I remember little about waking up that day, and even less about getting to the Louvre. Really, the memories start for me in the line-up: I remember going to the underground entrance and standing in an enormous queue, made positively Sisyphean by the cavernous room we stood in and the encroaching delirium from fever. I stumbled around the Louvre from about 10:00 until 4:00 that day, determined to take in every last bit of art that I could. The Mona Lisa! The Venus de Milo! Dozens of statues featuring Greek mythological figures! Everywhere I looked there was something important and beautiful, and I felt like throwing in the towel early would be a defeat. I had come all the way to this city, and had braved angry French ticket-takers and the sickly-smelling subways. I would crawl through that damned gallery if I had to.
When we left, I gave in, and reported that Zack and Donny could go on if they wanted. Through pity and a need to regroup, they accompanied me back to the hostel, where I immediately fell into bed. I woke up periodically, sweaty and on fire, removing one article of clothing with each round of waking before falling back asleep. Zack, at one point, roused me to see if I wanted to accompany him for dinner with the people we had met the night before; if any of the sounds I then made were words, I believe they were a way of me declining. When I woke again another hour later, I forced myself back onto my feet and stumbled downstairs, having said I would go with Donny to the Eiffel Tower. I was still groggy and vomitous, but god damn it, I was in Paris. Against all good sense and the feeling that my legs were sure to cave in, I walked to the Tower, and then, because the elevator cost more, I walked up that beast, happy for the experience (the universe, rewarding my brave stupidity and utter disregard for my own wellbeing, issued the sunset right as we hit the first floor observation deck).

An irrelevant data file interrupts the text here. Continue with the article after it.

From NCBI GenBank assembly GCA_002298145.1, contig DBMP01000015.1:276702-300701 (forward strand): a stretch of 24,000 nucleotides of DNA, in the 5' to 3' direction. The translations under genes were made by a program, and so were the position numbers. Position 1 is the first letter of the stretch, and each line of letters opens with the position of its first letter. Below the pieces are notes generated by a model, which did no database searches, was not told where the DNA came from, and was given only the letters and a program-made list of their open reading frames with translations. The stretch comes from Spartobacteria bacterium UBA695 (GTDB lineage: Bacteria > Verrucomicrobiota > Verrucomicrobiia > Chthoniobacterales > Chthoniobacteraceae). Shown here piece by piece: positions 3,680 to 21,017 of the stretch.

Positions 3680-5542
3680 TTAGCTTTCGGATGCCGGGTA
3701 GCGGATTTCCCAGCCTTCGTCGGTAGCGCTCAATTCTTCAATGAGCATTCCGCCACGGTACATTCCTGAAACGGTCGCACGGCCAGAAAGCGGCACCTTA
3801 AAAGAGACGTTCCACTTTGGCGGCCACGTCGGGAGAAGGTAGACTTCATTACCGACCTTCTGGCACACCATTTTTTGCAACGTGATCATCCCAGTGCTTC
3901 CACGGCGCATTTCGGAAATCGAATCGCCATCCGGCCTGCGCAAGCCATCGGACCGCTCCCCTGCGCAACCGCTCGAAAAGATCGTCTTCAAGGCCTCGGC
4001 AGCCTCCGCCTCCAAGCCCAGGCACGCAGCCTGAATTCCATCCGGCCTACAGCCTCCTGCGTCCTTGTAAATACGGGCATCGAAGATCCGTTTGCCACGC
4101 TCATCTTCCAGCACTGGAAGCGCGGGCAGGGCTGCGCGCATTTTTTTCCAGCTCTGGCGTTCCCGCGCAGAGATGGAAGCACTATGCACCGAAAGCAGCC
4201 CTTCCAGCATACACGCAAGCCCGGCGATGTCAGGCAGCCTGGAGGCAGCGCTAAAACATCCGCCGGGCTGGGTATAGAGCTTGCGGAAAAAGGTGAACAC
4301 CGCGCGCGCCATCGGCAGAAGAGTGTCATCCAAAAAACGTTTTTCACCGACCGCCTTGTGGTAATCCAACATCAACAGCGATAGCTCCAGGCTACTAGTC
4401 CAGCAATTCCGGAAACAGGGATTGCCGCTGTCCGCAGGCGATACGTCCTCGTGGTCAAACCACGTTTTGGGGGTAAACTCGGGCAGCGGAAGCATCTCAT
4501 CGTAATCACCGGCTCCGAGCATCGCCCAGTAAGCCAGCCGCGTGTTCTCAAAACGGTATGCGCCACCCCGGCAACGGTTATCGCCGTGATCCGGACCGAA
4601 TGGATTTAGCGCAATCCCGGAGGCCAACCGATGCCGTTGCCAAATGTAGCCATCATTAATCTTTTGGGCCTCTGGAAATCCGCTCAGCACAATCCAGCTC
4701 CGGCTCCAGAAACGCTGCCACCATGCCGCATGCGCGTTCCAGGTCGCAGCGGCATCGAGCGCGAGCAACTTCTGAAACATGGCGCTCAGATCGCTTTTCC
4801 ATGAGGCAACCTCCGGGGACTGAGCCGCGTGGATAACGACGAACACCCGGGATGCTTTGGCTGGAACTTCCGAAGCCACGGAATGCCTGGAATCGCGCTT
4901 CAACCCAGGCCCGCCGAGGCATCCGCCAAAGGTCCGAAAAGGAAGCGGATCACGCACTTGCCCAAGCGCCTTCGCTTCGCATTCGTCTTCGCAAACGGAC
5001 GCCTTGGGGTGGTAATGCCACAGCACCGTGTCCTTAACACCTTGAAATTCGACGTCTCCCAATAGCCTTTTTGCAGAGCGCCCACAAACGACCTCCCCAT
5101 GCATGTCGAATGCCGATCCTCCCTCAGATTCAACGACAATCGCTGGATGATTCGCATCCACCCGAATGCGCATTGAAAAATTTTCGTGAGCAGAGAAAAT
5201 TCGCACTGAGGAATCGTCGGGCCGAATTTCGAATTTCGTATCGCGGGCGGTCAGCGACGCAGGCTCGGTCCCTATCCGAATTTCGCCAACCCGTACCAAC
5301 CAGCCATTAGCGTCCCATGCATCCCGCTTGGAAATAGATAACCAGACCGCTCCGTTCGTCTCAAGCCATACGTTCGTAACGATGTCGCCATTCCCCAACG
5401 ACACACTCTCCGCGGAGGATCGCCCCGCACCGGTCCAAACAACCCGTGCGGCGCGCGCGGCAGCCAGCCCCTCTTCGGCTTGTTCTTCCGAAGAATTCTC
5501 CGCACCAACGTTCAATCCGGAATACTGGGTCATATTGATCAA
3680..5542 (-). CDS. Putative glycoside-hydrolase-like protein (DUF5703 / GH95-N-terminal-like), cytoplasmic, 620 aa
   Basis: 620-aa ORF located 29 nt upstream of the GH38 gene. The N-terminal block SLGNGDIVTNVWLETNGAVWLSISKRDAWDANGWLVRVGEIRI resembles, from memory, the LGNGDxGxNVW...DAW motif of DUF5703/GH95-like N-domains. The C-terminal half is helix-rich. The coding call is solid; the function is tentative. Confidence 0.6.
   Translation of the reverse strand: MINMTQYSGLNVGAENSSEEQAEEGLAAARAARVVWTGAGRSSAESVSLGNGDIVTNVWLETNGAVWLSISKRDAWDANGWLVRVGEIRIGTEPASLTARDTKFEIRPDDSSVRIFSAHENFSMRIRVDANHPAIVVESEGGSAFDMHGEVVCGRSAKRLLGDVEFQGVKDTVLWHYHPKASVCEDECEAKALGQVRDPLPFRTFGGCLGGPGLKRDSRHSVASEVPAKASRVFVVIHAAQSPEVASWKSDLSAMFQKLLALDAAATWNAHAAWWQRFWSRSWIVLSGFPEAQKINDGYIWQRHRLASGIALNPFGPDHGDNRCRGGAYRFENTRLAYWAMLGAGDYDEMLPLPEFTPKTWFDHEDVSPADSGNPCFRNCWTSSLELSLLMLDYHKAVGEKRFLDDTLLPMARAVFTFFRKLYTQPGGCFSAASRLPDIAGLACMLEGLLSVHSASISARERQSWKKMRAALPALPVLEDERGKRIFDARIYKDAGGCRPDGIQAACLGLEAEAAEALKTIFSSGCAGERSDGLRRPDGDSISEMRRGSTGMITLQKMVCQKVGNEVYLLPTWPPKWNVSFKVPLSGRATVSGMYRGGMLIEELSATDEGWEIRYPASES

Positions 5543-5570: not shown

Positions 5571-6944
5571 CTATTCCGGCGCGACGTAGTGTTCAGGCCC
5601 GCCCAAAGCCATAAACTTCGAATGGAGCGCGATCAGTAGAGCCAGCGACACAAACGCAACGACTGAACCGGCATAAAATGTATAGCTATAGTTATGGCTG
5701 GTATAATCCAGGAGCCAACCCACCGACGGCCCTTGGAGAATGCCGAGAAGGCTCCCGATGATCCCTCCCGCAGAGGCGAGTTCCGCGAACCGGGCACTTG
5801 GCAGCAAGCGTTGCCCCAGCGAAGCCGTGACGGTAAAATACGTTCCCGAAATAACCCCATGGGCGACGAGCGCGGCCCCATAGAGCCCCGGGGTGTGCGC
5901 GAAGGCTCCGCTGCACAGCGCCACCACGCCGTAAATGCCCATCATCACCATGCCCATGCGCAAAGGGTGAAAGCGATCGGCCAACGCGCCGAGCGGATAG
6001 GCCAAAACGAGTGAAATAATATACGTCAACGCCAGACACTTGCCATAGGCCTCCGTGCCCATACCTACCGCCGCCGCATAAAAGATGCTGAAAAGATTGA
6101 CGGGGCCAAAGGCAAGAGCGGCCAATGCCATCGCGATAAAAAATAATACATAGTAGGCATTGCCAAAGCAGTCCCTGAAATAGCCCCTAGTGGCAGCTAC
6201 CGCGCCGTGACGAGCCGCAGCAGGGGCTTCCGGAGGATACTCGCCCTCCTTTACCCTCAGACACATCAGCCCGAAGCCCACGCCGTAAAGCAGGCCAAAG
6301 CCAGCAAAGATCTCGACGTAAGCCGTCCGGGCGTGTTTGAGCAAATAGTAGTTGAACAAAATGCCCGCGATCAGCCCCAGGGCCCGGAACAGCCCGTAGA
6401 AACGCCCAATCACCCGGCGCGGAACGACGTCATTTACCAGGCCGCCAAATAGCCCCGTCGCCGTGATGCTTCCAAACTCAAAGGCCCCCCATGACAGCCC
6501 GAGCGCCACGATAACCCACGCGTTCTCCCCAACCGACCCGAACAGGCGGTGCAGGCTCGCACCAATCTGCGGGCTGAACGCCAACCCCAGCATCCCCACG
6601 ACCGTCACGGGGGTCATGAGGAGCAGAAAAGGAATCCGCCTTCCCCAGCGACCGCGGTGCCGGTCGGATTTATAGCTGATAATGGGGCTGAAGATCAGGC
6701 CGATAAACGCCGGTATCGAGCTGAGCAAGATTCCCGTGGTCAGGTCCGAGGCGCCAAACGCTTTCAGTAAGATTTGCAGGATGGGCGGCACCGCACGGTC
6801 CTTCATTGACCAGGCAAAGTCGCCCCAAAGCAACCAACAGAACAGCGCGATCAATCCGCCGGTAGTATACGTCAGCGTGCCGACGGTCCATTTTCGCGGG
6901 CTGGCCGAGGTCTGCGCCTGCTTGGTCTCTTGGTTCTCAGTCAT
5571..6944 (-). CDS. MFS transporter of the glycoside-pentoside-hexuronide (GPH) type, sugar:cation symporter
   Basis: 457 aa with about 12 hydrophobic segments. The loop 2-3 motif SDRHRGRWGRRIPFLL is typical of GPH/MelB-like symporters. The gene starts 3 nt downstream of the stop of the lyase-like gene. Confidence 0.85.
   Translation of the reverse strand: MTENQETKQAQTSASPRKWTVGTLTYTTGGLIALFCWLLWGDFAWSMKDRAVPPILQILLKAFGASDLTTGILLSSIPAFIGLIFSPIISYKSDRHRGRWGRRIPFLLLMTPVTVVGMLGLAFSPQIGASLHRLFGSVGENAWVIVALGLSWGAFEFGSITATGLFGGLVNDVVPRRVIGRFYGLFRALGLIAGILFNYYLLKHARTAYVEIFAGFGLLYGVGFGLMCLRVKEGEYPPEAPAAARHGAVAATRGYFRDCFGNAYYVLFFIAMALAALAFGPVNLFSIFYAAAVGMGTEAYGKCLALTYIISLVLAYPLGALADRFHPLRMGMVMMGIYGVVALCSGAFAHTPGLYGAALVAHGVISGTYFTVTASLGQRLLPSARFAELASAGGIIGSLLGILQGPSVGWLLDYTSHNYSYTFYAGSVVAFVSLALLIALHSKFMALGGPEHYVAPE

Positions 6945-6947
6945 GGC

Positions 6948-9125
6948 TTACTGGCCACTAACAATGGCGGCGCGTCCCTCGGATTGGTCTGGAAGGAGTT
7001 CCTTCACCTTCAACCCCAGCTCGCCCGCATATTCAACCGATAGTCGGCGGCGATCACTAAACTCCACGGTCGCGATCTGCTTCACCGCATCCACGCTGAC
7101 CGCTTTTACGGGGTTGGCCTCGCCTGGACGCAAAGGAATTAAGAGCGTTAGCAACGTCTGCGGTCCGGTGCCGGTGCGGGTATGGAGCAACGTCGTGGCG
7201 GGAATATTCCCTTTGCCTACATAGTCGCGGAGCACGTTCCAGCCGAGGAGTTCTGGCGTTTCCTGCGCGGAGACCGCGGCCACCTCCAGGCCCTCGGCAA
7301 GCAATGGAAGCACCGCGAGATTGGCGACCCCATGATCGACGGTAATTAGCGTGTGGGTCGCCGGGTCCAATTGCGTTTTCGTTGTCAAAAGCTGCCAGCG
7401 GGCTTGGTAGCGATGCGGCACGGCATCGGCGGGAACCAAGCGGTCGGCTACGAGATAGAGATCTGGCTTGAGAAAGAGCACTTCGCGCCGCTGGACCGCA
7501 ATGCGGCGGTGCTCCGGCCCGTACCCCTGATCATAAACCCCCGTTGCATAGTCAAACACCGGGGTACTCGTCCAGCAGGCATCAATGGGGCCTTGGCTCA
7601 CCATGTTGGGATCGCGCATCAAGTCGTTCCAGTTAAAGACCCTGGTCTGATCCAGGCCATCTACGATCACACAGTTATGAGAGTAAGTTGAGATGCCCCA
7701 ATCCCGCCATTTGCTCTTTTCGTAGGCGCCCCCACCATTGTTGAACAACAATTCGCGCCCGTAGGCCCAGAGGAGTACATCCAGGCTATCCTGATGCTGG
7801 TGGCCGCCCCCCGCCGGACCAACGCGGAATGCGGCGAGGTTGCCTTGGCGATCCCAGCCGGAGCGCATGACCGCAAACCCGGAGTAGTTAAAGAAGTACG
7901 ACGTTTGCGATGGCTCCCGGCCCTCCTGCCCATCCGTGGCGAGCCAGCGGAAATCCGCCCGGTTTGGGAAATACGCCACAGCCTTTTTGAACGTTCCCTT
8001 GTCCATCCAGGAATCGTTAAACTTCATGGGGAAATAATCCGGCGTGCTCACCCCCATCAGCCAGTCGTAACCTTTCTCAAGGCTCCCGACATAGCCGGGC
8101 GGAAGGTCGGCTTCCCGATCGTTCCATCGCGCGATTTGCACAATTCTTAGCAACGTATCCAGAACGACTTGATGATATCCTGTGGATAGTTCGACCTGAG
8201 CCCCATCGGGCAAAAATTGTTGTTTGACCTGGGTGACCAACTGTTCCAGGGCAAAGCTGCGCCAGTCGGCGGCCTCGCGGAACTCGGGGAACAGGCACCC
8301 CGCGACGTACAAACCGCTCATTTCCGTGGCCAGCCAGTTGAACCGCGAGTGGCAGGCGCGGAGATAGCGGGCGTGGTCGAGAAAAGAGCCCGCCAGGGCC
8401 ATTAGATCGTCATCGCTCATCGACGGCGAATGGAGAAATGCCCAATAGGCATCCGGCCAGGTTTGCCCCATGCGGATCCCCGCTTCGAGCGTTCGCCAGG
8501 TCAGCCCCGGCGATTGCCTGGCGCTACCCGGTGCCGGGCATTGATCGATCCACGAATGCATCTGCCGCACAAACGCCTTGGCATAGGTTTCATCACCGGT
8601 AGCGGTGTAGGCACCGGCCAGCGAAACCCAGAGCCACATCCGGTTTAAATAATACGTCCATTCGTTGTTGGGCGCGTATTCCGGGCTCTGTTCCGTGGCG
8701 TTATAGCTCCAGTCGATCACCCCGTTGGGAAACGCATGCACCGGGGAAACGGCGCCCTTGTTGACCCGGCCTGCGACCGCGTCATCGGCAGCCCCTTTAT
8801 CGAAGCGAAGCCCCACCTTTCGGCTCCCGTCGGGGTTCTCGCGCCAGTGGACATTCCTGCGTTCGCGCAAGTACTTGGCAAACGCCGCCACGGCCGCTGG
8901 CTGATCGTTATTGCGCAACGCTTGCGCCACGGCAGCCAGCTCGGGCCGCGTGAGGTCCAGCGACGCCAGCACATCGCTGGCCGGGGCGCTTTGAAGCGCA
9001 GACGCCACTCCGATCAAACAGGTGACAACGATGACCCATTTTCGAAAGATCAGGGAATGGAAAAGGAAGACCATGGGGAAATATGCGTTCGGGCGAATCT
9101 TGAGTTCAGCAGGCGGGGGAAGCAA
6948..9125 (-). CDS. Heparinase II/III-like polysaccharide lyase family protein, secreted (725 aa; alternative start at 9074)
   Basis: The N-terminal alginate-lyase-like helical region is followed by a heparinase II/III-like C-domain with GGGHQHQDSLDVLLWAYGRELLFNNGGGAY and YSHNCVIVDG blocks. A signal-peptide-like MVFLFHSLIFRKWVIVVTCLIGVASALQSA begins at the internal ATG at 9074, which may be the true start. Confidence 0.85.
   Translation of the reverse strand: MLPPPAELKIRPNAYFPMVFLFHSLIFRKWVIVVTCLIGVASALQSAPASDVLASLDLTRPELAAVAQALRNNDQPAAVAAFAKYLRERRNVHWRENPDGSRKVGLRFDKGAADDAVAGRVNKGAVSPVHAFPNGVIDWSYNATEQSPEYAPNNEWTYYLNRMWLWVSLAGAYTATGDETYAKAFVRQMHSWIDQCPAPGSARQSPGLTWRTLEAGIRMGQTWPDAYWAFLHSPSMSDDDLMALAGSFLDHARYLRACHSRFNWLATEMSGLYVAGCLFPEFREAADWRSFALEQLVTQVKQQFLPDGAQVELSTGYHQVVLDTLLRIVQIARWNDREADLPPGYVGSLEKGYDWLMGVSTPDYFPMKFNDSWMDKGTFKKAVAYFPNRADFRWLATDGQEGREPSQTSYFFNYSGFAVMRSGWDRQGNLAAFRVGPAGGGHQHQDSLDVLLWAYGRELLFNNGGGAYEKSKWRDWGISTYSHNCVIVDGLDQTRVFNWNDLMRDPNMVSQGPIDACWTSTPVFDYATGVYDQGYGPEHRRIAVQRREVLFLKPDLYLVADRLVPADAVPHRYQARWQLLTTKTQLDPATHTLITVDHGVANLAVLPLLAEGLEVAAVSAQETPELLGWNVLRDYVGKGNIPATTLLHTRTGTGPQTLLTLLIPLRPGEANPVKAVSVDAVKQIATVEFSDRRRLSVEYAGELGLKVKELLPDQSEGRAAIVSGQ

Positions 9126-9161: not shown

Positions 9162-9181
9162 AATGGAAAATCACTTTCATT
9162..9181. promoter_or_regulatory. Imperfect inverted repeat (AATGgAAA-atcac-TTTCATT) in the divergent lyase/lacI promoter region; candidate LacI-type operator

I began to get better and better at breaking the ice, a task I usually left up to Zack. I have no problem talking to people once the first awkward steps are taken, but I have always found the introduction, especially to strangers I simply feel like talking to, enormously awkward and unnecessarily difficult. Travel, especially in hostels, obliterates this: it is entirely likely that you will never, ever see these people again. Indeed, many of them don’t live in the same city, the same country, or even the same continent as you. With that in mind, a lot of the risk seems to dissolve, and my self-absorbed need to be liked or at least tolerated dissolves, because I can just start anew with fresh, one-use strangers three feet down the bar should things go awry.
I also began to really enjoy real quiet time, to realize that not all travel has to be crazy bombast and running around. The best time I had in that city was an evening where we bought some ludicrously cheap wine from a corner market, stole a deck of cards from the hostel, and sat along a concrete bank on the Seine. Dozens of young French and even more tourists were doing the same, lining the water and having a drink. I did not have a map out. My camera was stowed in my bag. My rancid shoes were off my feet, and I didn’t have to walk anywhere. Somehow, I was managing to incorporate actual relaxation into travelling. Unthinkable!
I worry in these posts that I don’t say enough about the city, but it isn’t like Western literature and dozens of other places on the internet don’t have accounts of Paris. Suffice it to say: it is beautiful. It is old. It has nice food and wine. During high tourist season, you develop the distinct sense that you are watched by what I imagined were incredibly clever and debonair French pickpockets. The local gypsy population excels at squeezing tourists for dollars, and also they get angry if you pretend not to speak English (Zack attempted this while trying to shield the Canadian emblem on his bag).
It is also a city that I felt I left undone: I ran myself, and Zack and Donny, ragged for the four days we spent in the city. In the previous locations (except maybe London, though the surge of tourists made it feel Done), I felt happy with how much time we had spent. Paris felt unfinished. Paris felt like there was still a whole lot of city left to do. Paris left me wanting to go back for more, snooty booth-operators and all.